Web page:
That said, HR still gets a bit of a bad rep, doesn’t it? Often our profession can be seen as a bad brand and one to keep quiet at a dinner party for fear of ‘human remains’ stories about how HR had let an individual down. Sound familiar? If so, I urge you to read on.
The changing role of HR:
While the role of HR in organisations is long established, the collective understanding of our purpose varies according to whom you ask. Employees, managers and even HR professionals will all give different answers.
This lack of clarity on what the role of HR actually is can cause quite an issue. For instance, many might perceive HR to be an extension of the leadership team, while others see it as being an employee advocate. And certainly, many HR professionals, both internal and external, often attempt to be both. But I find this usually comes with limited success, sadly.
The phrase ‘you can’t be all things to all people’ comes to mind here. Our legal colleagues would see this as a firm conflict of interest and support one or the other.
And at the end of the day there really is only one person who pays our bills and who we subsequently have to answer to. So, is it any wonder that the employee often feels like they are lacking an impartial advisor? And what can we do differently to change this?
The answer to this lies in the growing HR independent community. There are an increasing number of external HR professionals, working independently, many of whom having made the move from an in-house HR role for numerous reasons – though more often than not for a better work/life balance.
These individuals, not only understand the culture and challenges of SMEs – which are a key component of our economic recovery – but they also have many years of HR expertise under their belts.
So, how can those working independently in HR be instrumental?
Well, imagine a world where the organisation and its managers were represented by an in-house HR team, while the interests of those working in the organisation were represented by an external HR company which had similar powers to the male-dominated trade unions of yesteryear.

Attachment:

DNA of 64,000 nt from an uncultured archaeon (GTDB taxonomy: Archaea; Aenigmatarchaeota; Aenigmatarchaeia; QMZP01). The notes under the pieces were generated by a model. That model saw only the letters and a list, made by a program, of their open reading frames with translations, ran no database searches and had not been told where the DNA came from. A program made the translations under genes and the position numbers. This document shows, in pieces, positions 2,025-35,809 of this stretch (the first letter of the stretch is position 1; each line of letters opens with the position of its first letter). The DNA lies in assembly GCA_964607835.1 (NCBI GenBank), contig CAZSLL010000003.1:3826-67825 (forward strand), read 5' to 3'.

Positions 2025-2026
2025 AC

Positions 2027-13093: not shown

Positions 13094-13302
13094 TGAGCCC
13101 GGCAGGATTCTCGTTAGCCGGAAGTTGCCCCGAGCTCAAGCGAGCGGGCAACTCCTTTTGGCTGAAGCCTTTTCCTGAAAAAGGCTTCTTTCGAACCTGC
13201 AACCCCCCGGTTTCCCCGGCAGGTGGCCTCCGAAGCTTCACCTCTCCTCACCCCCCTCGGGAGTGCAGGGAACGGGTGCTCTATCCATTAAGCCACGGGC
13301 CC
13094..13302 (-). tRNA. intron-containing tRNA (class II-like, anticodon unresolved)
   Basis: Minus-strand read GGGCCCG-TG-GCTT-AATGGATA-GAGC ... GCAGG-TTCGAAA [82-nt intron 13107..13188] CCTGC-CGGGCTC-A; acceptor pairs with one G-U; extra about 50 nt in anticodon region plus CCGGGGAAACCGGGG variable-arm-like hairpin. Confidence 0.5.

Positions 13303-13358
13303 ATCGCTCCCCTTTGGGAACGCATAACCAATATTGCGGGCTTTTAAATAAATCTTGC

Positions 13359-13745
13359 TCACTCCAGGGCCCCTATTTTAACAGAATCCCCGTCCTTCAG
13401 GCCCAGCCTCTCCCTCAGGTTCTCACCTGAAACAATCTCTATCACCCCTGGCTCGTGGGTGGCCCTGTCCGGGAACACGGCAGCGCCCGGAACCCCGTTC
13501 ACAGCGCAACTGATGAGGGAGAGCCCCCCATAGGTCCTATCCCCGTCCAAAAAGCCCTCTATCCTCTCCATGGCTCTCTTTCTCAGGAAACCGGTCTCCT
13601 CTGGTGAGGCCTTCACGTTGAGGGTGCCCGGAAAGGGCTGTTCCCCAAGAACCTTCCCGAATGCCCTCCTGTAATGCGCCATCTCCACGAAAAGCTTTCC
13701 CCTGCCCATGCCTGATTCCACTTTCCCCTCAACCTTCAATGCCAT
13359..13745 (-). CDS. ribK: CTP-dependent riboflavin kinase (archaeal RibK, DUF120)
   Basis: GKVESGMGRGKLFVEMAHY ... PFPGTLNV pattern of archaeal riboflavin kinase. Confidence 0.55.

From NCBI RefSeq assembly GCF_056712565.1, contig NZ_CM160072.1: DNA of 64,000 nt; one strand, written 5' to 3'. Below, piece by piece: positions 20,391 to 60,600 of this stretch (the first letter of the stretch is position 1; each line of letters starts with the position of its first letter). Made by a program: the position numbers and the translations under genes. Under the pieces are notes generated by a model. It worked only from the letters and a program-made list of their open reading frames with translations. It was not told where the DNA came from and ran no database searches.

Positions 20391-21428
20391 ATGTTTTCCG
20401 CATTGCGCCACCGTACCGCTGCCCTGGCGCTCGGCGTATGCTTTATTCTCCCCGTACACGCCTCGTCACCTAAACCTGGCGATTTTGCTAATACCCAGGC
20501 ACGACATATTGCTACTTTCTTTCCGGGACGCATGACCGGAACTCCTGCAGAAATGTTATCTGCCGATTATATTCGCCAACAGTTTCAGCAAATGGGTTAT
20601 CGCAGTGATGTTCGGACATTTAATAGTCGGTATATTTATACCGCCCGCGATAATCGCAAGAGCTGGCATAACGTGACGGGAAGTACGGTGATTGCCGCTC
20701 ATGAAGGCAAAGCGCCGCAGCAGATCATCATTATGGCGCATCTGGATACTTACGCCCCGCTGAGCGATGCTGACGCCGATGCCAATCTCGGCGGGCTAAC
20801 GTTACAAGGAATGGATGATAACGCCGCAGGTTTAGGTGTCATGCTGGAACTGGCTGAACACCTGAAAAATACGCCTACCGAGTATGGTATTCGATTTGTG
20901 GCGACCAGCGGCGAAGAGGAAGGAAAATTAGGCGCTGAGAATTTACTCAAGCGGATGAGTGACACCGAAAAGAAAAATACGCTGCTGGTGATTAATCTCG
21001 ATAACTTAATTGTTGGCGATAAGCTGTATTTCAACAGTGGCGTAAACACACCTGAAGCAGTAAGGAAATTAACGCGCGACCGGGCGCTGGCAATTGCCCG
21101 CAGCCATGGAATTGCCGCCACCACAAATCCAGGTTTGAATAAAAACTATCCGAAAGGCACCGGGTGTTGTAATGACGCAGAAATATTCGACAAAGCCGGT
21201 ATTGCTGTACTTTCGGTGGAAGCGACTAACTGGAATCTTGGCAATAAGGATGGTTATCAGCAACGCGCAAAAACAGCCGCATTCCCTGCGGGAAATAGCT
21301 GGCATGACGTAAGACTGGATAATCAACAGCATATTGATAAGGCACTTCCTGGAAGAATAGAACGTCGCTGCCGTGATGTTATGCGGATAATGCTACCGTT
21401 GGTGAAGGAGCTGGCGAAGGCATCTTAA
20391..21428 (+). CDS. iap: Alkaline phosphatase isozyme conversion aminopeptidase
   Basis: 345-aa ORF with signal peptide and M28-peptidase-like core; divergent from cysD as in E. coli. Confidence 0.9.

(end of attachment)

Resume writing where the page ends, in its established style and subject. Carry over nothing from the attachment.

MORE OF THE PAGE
A collaboration of HR professionals working together to create better working lives for employees and thriving businesses can only be a good thing – and frankly I believe it is something we should have done a long time ago.
Currently, in accordance with the Employment Rights Act 1996, independent HR consultants are permitted to represent individuals at Employment Tribunal if they are registered and regulated by the Financial Conduct Authority (FCA).
However, they are barred from supporting individuals in the workplace and signing settlement agreements despite the fact that providing this service requires the same skills, experience and in-depth knowledge of the law as representing an individual at a tribunal.
I believe the time is now right to request an amendment to the Employment Rights Act 1996. An amendment to allow independent HR consultants to obtain the same rights as trade union officials to represent employees in the workplace and advise on and sign off settlement agreements.
And I am not alone in this. Ben Willmott, head of public policy at the CIPD among others, supports this proposal and can see the many
So, I ask you. Are you ready to support real change and challenge the status quo for the better?
Ruth Cornish is founder and director of Amelore and co-founder of HR Independents, the UK body for independent HR and people professionals
This piece was first published in November/December 2021 issue of HR magazine. Subscribe today to have all our latest issue of HR magazine delivered right to your desk.